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Jessica Klein in Dr. Leigh Knodler's lab
Graduate student Jessica Klein in the lab of Dr. Leigh Knodler

Allen School for Global Animal Health faculty members and affiliates are well-represented among recent awardees of the College of Veterinary Medicine’s Intramural Research Grants. Funded projects range from a population-level study of the prevalence and health consequences of a diarrheal disease pathogen in Nairobi, Kenya, to laboratory-based work to better understand the action of a specific protein found within the zoonotic Brucella bacteria. These projects represent the Allen School’s focus on research into the basic processes of infectious disease, leading to new approaches to prevent and control disease transmission in both animals and humans. Funded Intramural Grant projects include:

Dr. Jennifer Zambriski: “Frequency and prevalence of Cryptosporidium spp and association with growth deficits in children living in an urban slum in Nairobi, Kenya”;
Dr. Viveka Vadyvaloo: “Verifying small non-coding RNA production in Yersinia pestis flea adaptation”;
Dr. Anders Omsland: “Significance of gluconeogenic capacity for Coxiella burnetii replication”;
Dr. Felix Lankester: “Canine rabies vaccine: A thermostability trial”;
Dr. Leigh Knodler: “Role of the type III translocon in vacuole lysis”;
Dr. Jean Celli: “Mode of action of the Brucella effector protein BspB”;
Dr. Doug Call: “Turning the tables on antimicrobial resistance”;
Dr. Kelly Brayton: “The Role of OMP7-10 in Protective Immunity”;
Dr. Hector Aguilar-Carreño: “Unraveling the role of cellular factors in viral entry and cell-cell fusion.”

With the support of CVM grants of about $20,000 each, the Allen School researchers can advance their work and also use findings as preliminary data for larger funding proposals.


Research News

Grants awarded:

Dr. Anders Omsland was awarded a WSU New Faculty Seed Grant of $30,000 for his project “Establishment of a genetic system to study the gene dksA in Chlamydia.”

Dr. Solomon Ramabu, adjunct faculty member based at the Botswana College of Agriculture, University of Botswana, has received $66,000 for a three-year project titled “Anaplasma marginale infection among cattle in the South East District of Botswana: Prevalence and molecular characterization.” The research is funded by the Botswana College of Agriculture.

Recent publications:

Addwebi, T, DR Call, and D Shah. 2014. Contribution of Salmonella Enteritidis virulence factors to the intestinal colonization and systemic dissemination in day-old chickens. Poultry Science 93(4):871-81. doi: 10.3382/ps.2013-03710.

Davenport, EK, DR Call, and H Beyenal. 2014. Differential protection from tobramycin by extracellular polymeric substances from Acinetobacter baumannii and Staphylococcus aureus biofilms. Antimicrobial Agents and Chemotherapy 03071-14. [Epub ahead of print].

Eberhart, LJ, JN Ochoa, TE Besser, and DR Call. 2014. Microcin MccPDI reduces the prevalence of susceptible Escherichia coli in neonatal calves. Journal of Applied Microbiology doi: 10.1111/jam.12535.

Hammac, GK, S Aguilar Pierlé, X Cheng, GA Scoles, and KA Brayton. Global transcriptional analysis reveals surface remodeling of Anaplasma marginale in the tick vector. Parasites and Vectors. PMCID: PMC4022386. 7: 193. 2014.

LaFrentz, BR, SE LaPatra, DR Call and KD Cain. 2014. Immunization of rainbow trout Oncorhynchus mykiss (Walbaum) with a crude lipopolysaccharide extract of Flavobacterium psychrophilum. Aquaculture Research 45:476-483.

Long, A, DR Call, and KD Cain. 2014. Investigation of the link between broodstock infection, vertical transmission, and prevalence of Flavobacterium psychrophilum, in eggs and progeny of rainbow trout and Coho salmon. Journal of Aquatic Animal Health 26(2):66-77. doi: 10.1080/08997659.2014.886632.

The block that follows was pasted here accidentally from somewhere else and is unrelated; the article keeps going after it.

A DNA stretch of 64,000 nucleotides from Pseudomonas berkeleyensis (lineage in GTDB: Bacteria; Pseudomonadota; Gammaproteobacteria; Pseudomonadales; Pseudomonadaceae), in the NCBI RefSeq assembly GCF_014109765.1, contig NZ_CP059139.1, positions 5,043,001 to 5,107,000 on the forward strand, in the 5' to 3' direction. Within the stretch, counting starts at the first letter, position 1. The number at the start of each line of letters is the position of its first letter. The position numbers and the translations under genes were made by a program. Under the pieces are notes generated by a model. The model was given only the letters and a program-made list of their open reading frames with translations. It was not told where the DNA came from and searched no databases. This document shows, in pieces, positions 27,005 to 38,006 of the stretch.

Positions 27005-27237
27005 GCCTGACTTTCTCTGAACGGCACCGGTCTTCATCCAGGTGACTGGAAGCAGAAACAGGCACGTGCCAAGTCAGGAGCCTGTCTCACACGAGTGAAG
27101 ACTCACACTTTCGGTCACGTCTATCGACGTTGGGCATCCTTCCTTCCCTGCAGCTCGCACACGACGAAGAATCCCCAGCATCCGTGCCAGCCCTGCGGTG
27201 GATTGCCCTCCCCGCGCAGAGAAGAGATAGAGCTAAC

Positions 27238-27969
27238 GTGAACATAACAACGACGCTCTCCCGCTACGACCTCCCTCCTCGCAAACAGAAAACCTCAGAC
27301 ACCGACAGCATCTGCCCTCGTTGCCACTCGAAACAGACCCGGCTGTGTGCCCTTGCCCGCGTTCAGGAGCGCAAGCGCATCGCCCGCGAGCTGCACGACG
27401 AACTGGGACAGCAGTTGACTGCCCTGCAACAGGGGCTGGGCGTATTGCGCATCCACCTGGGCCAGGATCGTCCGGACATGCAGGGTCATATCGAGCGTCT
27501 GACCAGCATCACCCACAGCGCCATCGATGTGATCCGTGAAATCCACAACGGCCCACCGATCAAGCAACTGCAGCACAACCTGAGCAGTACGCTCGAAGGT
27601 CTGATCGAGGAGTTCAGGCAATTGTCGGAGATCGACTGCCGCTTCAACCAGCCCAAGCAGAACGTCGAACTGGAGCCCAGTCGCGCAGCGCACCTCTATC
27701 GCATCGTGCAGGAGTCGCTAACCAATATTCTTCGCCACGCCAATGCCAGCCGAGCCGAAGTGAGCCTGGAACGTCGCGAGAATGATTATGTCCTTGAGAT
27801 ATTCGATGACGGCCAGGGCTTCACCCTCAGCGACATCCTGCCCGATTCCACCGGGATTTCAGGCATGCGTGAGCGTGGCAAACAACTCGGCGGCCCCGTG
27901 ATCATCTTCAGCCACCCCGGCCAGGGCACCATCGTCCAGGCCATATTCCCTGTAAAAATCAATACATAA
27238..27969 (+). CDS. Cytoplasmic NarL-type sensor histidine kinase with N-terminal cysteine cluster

Miller, CB, S Aguilar Pierlé, KA Brayton, JN Ochoa, DH Shah, and KK Lahmers. Transcriptional Profiling of a Cross-Protective Salmonella enterica serovar Typhimurium UK-1 dam Mutant Identifies a Set of Genes More Transcriptionally Active Compared to Wild-Type, and Stably Transcribed across Biologically Relevant Microenvironments. Pathogens. 3: 417-436. 2014.

Pratap N, MA Memon, O Mahgoub, Y Al-Shikaili, RS Al-Habsi, BE Hago. Breeding soundness examination, semen freezing and evaluation of frozen-thawed semen in native Omani bulls – Preliminary study. Clinical Theriogenology 6: 85-92, 2014.


Student and Fellow News

Sara Ahmed
, student of Dr. Margaret Davis, successfully defended her MS thesis entitled “Evidence for dissemination of clonally related Esherichia coli Strains Carrying Extended-Spectrumβ-Lactamase CTX-M in Washington State Dairy Farms.”

Moses Ole-Neselle, student of Dr. Tom Marsh, successfully defended his MS thesis. His project was titled “Does Foot and Mouth disease zoning impact African meat exports?”

Cameron Mandel, a first year DVM student, was awarded a CVM Summer Research Fellowship for a project titled “Nutrient deprivation and metabolic consequences in growth of Coxiella burnetii,” in the lab of Dr. Anders Omsland.

Nipah-VirusQuan Liu, PhD student in the lab of Dr. Hector Aguilar-Carreno, was awarded a one-year, $24,780 Poncin Scholarship for her project titled “Uncovering a region in the Nipah virus attachment protein stalk important for triggering membrane fusion.”

Jackie Stone, PhD student in the lab of Dr. Hector Aguilar-Carreno, was awarded a one-year, $24,780 Poncin Scholarship for her project “Investigating Nipah virus entry into host cells.”

Darin Weed, PhD student in the lab of Dr. Anthony Nicola, has been granted an NSF Graduate Research Fellowship Program award, for his project on the molecular mechanism of herpes simplex virus membrane fusion.

Sebastián Aguilar Pierlé, in the lab of Dr. Kelly Brayton, was awarded a highly competitive 2-year Cantarini post-doctoral fellowship to work at the Institut Pasteur with Didier Mazel. He will be working on Characterization of Vibrio cholerae genes involved in SOS and oxidative stress responses and their impact on persister formation.

Paul Ervin, a School of Economic Sciences graduate student studying with Dr. Jon Yoder, was awarded a $15,000 grant with the United Nations Development Programme as "Specialist in Health, Poverty, and Inequality" to explore the economics of dengue and traffic accidents in Paraguay.

Paul Ervin, mentored by Dr. Yoder, presented "Rabies post-exposure treatment demand and the value of a statistical life in Tanzania" at the Midwest Economics Association conference, Evanston, IL, in March.